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Finally, fulfillment: Oft-injured Johnson’s perseverance rewarded with gold medal


The ‘COVID Kid’ has become the ‘Comeback Kid.’

Hunter Johnson finally was able to experience well-deserved fulfillment Friday by running the anchor leg in Ozark’s winning 4 x 200 relay at the COC Track Meet.

Johnson and running ‘mates Sam Clark, Ben Miller and Will Scheer posted a 1:31.4 to edge runner-up Republic and its 1.31.95.

Ozark gained the lead as Scheer ran the third leg and Johnson out-kicked Republic’s Kendall Curbow to the finish.

It was quite a rewarding gold medal for Johnson, in particular. The senior sprinter has endured more than his share of injuries and ailments during his career.

“This means a lot,” Johnson said. “It feels good to finally be able to run, especially with my boys. We’ve worked hard. To come out here and have it pay off, it’s a great feeling.

“It feels good to finally be able to do what I’ve wanted to do,” he added.

Johnson’s medical file has grown thick over the years. Doctors and nurses have gotten to know him all too well.

Going back to his eighth-grade year, he suffered an avulsion fracture in the back of his left leg. As a freshman, he suffered an avulsion fracture to his right hip. The COVID outbreak wiped out his sophomore year. A torn hamstring robbed him of his junior year.

In addition, he’s tested positive for COVID not once, not twice, but three times.

“I’ve had a rough run of it,” Johnson said.

Johnson’s three bouts of COVID may be the most the rest of us have heard of someone having the virus simply because he has been mindful to be tested when symptomatic.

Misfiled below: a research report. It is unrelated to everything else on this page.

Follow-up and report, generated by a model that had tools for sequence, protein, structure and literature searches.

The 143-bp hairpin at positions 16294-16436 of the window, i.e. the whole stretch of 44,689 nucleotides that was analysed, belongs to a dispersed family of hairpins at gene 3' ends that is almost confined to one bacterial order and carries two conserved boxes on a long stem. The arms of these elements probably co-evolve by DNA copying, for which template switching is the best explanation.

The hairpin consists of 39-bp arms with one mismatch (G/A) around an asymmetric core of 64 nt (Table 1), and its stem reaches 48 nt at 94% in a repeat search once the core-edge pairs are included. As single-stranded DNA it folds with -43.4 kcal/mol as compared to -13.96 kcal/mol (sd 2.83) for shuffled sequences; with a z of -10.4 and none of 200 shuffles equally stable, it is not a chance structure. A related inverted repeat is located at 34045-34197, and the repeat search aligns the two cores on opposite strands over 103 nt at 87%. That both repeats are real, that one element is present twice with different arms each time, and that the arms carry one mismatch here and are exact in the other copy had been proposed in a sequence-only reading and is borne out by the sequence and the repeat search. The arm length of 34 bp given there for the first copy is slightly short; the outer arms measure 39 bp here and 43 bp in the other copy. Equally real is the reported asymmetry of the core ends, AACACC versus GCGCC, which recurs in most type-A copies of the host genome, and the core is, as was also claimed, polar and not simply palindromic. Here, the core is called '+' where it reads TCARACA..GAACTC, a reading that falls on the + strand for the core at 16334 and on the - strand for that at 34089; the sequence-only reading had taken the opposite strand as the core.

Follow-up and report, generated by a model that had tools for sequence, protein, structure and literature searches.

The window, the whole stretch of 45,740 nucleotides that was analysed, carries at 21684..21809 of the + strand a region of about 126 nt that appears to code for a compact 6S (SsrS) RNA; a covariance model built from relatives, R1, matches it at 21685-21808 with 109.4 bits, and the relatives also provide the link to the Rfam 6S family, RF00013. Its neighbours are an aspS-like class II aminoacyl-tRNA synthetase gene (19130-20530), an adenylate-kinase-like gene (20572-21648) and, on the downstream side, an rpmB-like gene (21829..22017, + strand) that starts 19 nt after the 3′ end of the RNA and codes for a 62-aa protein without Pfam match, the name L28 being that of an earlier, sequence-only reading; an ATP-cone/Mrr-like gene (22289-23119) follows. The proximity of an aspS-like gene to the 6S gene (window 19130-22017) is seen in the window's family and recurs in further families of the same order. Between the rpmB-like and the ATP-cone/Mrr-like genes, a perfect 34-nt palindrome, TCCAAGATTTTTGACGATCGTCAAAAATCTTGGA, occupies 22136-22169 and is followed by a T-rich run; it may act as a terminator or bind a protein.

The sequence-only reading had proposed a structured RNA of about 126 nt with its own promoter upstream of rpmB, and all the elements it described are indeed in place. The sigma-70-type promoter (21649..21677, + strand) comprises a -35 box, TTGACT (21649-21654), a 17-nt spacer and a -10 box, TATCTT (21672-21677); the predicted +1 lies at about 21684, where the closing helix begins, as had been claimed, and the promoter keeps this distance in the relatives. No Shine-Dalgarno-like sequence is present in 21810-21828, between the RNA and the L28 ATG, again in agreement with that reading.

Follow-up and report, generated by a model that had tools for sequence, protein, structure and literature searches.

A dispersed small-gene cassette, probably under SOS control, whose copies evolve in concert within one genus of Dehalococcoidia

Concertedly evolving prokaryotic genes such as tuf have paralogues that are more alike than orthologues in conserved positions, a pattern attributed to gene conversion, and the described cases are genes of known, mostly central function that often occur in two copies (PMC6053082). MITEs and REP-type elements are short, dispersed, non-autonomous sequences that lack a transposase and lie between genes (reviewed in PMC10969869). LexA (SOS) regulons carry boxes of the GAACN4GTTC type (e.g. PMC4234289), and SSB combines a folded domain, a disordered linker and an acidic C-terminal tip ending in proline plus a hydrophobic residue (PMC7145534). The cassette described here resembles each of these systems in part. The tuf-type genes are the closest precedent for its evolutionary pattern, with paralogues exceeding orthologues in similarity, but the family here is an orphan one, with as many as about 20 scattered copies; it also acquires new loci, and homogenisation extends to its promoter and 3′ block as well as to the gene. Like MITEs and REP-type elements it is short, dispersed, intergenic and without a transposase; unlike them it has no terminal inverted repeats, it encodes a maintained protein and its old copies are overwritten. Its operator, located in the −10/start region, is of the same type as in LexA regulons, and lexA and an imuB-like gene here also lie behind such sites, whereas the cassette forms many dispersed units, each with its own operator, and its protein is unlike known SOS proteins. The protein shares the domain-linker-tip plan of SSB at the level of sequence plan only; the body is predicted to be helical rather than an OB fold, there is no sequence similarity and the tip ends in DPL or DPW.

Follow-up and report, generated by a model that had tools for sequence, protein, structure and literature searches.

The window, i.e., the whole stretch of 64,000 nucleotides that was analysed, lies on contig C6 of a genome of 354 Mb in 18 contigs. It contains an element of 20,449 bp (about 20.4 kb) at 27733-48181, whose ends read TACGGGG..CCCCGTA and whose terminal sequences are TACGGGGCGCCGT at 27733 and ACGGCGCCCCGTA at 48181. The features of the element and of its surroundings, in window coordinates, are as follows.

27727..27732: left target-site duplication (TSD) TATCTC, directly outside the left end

He relates COVID has hit him often, but not hard.

“It keeps hitting me, but it wasn’t horrible,” Johnson said. “I just kind of laid around all day. But I couldn’t go anywhere because I didn’t want to get anyone else sick. I follow all the regulations.”

COVID kept Johnson from suiting up for the Ozark’s football team’s ‘Senior Night’ and District contests last fall.

Through it all, Johnson’s perseverance and dedication have remained strong. He trains for track year-round.

Scheer had all the confidence Johnson would maintain the lead for Ozark on Friday.

“I assumed as soon as I gave Hunter the hand-off that we had it in the bag,” Scheer said. “He’s been injured on and off since his freshman year. His body is staying healthy this year.”

Scheer is actually the lone holdover from Ozark’s 4 x 200 relay from a year ago that qualified for State. That foursome also included Owen Brockman, Price Webb and Riley Newsom.

“They set a standard for us, something to live up to,” Johnson said.

“I was a little worried about us at the beginning of the season,” Scheer said. “But after two weeks of track I knew it was going to be something good. We worked for it. We’re a great team. I’m proud of all of them.”

Johnson is optimistic as the Tigers work toward perfecting their hand-offs, they can continue to lower their personal record.

“4 x 200 handoffs are kind of hard to get down in practice because you never really know exactly what speed you’re going to be coming in at (during a meet),” Johnson said. “We run a hard 50 (in practice), coast for 100 and run another hard 50 to try to estimate where our speed will be and then we work on our steps from there.

“I’m looking forward to (the post-season),” he added. “I think we could all drop another half-second and get into the 1:30s.”